Auguste Renoir The umbrellas 1881-6
The Washington Post said recently: “The anti-vaccine movement is comparable to domestic terrorism, and must be treated that way”, while the Guardian had this:
“When it comes to shifting attitudes to vaccines, it is crucial to distinguish between public information campaigns that seek to educate the public and those that seek to persuade them,” said Philipp Schmid, a behavioural scientist researching vaccine scepticism at the University of Erfurt. “[..] if you don’t proactively tackle the problem at all, you end up playing catch-up with the anti-vaxxers. In a way, governments have to work on a parallel vaccine rollout – immunising the public against science denial.”
But WHO spokesperson Margaret Harris said: “it’s very important for people to understand that at the moment, all we know about the vaccines is that they will very effectively reduce your risk of severe disease. We haven’t seen any evidence yet indicating whether or not they stop transmission.” And Dr. David Martin claimed: It’s Gene Therapy, Not a Vaccine. One might add: It’s not science, it’s a sales job.
Now, I don’t know exactly who the WaPo refers to when they say “the anti-vaccine movement”, or that German guy with “the anti-vaxxers”, but it appears there is a widespread movement going on to promote mRNA vaccines, both by governments and by the press. And we’re not supposed to ask questions. Well, I’m sorry, but I make a living asking questions. And I think asking questions is not just everybody’s right, it’s an obligation. So don’t come at me with “domestic terrorism” or “anti-vaxxers”, a term that has nothing to do with the topic to begin with. Asking questions is not the same as being against something.
In essence the Pfizer and Moderna mRNA substances are a giant experiment, nothing else. If you can tell me what the logic is behind injecting -soon- hundreds of millions of people with something about which the WHO itself says: “we haven’t seen any evidence yet indicating whether or not they stop transmission,” try me. And how you get from there to issuing “vaccine passports” is as puzzling as the entire propaganda campaign. Who’s engaging in “science denial” here? In its core essence, an Emergency Use Authorization is unscientific.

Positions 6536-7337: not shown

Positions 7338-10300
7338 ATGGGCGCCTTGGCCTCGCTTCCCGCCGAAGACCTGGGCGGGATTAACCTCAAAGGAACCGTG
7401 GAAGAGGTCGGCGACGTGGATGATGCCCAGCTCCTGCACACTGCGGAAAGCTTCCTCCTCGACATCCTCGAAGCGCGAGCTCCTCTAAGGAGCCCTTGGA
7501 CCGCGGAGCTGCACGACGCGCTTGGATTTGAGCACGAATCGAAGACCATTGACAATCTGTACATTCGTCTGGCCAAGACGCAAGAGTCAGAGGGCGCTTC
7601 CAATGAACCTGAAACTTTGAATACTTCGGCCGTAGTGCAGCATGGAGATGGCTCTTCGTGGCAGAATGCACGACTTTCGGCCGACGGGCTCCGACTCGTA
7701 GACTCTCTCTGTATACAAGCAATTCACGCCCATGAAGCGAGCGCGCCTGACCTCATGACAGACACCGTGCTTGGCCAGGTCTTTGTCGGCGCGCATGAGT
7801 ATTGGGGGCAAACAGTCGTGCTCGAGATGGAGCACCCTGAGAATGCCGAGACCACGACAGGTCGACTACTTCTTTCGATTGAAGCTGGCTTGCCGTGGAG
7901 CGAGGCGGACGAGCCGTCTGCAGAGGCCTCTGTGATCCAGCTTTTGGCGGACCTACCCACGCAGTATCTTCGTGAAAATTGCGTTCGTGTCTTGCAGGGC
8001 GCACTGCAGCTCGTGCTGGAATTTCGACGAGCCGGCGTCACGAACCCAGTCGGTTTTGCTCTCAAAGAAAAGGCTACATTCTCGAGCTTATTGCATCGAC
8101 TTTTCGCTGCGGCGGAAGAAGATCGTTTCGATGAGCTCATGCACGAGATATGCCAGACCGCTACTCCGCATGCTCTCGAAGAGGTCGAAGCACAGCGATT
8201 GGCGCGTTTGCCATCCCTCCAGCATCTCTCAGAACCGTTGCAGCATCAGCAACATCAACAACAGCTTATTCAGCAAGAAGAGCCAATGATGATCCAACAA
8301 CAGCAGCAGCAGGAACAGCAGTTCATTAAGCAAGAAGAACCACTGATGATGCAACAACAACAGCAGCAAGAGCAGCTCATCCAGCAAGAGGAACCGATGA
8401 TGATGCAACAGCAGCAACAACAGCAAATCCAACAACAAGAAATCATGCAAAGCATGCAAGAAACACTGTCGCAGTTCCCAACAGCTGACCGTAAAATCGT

A vaccine used to mean something that relied on -mostly- dead virus material to get your body to produce immunity “material”. What mRNA does -in this case – is force your body to produce an S1 spike protein, which is toxic to your body. Someone compared it to sticking a USB stick in your body, but one you can never take out anymore. Actually, it’s more like sticking such a USB stick into -almost- every single cell of your body. Forever.
Can it be successful? Maybe, but we have no idea. No research. No clue what mRNA does in the long term. There’s a lot of concern about what it might do to our immune systems. So lots of questions. But we’re not allowed to ask those questions, because then we’re domestic terrorists. Or maybe we can ask them, but only after getting inoculated.
There’s an eery similarity here to the banning of Huckleberry Finn, the Odyssey, and Dr. Seuss. We apparently cannot be trusted to form our own opinions anymore. And if we apply the same rules that got Mark Twain and Dr. Seuss banned, how on earth can the Bible remain politically acceptable? I’m sure they’ll get to that yet.
And the press help shape this new world, and Big Tech becomes Big Brother. There’s nothing either journalists or 20-something social media “guardians” like more than to tell you what you can see, hear, read or think, and I bet you never imagined that’s what George Orwell imagined. Or Mark Twain, for that matter. There is no real difference between banning books and burning them.
The way this is broadcast to us, is that the mRNA substances are safe, based on the fact that not too many people have died from being “vaccinated”. But not only are short-term effects not the main worry about them, there are already plenty headlines like this:
• Injuries Reported to CDC After COVID Vaccines Climb by 4,000 in One Week
• 34 Spontaneous Miscarriages, Stillbirths After COVID-19 Vaccination
• Danger of mRNA Vaccines To Elderly: 16 Deaths In Switzerland
• Norway warns of Covid-19 vaccine risk after 23 die
When you see that in Germany, France and Switzerland, half of care home workers don’t want to get vaccinated, perhaps it’s good to ask a question. Or how about this: “About 60% Of Nursing Home Staff Declined Covid Vaccines, Walgreens Exec Says”, about which Whitney Webb tweeted: “Just wondering if people consider the 60% of nursing home staffers and 1/3 of US troops declining the experimental COVID-19 vaccine to all be “crazy anti-vaxxer conspiracy theorists”